Madam Sirimavo Bandaranaike once said that non alignment is not keeping quiet and being neutral, but being active as a non-aligned nation in the Group that she gave leadership to jointly with India. Her view was that the Non Alignment Movement is a living force with a purpose and an aim. India and Sri Lanka led the nonalignment force as equals when Madam Bandaranaike settled most complicated issues such as the Kachchativu island.
Relationship with neighbours
Sri Lanka’s relationship with her neighbours is friendly but not without differences mainly with the powerful neighbour India 50 times bigger than Sri Lanka with a population of 1.3 billion against 22.9 million in Sri Lankan, yet maintaining close cordial relations throughout the history. Friendship with India goes back to 3rd BC (though there are historical information that goes back to Rama, Ravana stories, when Devanampiyatissa of Sri Lanka and Dharmashoka of India exchanged pleasantries and were close friends when King Asoka sent his son Arhath Mahinda and daughter Sangamitta as emissaries to propagate Buddhism and enhance friendship with Sri Lanka which resulted in the dawn of a new culture based on the teachings of the Buddha.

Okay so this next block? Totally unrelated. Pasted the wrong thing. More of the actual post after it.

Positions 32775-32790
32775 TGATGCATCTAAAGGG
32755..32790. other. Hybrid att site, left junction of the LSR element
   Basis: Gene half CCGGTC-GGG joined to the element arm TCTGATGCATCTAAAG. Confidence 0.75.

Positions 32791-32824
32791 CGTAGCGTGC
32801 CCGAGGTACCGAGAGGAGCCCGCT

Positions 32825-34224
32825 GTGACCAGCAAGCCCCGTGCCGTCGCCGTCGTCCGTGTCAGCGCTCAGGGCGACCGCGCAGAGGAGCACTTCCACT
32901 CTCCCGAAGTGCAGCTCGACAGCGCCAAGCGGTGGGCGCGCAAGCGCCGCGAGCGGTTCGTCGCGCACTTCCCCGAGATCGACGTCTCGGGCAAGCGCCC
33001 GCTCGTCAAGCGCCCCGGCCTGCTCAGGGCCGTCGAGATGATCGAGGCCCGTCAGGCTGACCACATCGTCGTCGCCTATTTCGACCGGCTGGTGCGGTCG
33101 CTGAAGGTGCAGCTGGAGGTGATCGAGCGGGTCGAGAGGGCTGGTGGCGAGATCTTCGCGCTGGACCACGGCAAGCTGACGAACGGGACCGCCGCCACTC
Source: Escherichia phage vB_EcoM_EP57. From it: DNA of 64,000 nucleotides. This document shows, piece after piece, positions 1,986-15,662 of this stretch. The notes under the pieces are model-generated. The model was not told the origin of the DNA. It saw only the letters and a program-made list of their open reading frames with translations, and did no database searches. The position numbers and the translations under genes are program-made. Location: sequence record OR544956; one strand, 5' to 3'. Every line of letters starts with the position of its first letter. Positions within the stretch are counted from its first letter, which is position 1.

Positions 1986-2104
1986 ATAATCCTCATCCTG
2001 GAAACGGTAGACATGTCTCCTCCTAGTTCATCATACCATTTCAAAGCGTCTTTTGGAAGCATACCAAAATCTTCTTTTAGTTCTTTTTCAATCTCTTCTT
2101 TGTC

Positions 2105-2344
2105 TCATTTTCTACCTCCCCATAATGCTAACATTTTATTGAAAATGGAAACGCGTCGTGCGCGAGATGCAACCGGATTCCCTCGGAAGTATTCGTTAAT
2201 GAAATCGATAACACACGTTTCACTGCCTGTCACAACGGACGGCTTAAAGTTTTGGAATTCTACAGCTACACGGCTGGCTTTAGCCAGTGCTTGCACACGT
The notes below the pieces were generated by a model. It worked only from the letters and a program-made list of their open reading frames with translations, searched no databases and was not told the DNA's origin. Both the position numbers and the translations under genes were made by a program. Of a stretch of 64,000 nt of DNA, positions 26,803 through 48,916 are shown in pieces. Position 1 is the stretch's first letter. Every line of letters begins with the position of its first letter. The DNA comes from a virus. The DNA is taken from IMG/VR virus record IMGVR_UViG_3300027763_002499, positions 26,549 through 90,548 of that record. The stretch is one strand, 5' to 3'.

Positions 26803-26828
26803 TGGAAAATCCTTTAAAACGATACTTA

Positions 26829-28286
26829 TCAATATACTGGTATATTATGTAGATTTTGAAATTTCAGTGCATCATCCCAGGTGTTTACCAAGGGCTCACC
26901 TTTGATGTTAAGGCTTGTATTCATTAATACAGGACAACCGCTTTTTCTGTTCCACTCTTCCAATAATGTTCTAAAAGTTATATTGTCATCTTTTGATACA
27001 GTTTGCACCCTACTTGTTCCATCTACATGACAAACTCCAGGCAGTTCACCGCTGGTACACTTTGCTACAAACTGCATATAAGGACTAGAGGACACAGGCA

Sri Lanka had cordial relations with her neighbours and SAARC members. The main regional groupings with Sri Lanka are SAARC and BIMSTEC with two different groupings on trade, economics and geo -politics. SAARC consist of Afghanistan, Bangladesh, Bhutan, India, the Maldives, Nepal, Pakistan and Sri Lanka with 21 percent of the world’s population. BIMSTEC consists of Bangladesh Bhutan, India, Myanmar, Nepal, Sri Lanka and Thailand with 1.5 billion population. India is more comfortable with BIMSTEC than SAARC due to the membership of Pakistan in the SAARC group based on complications on geo politics in the region. Sri Lanka maintains good relations with all. The President wishes to be closer to the neighbours and maintain good relations with all keeping in line with the traditional foreign policy.
The United Nations Organization was brought into force on October 24, 1945 based on the principles of sovereign equality of nations formed establishing a new world body in place of the League of Nations. Are member states really sovereign? In terms of Article 2(7) of the UN Charter on enforcing measures under V11, when Iraq was unreasonably punished on allegations of possessing nuclear arms of mass destruction (which was never found) and steps that can be taken on subsidiary instruments of the UN on alleged human rights issues.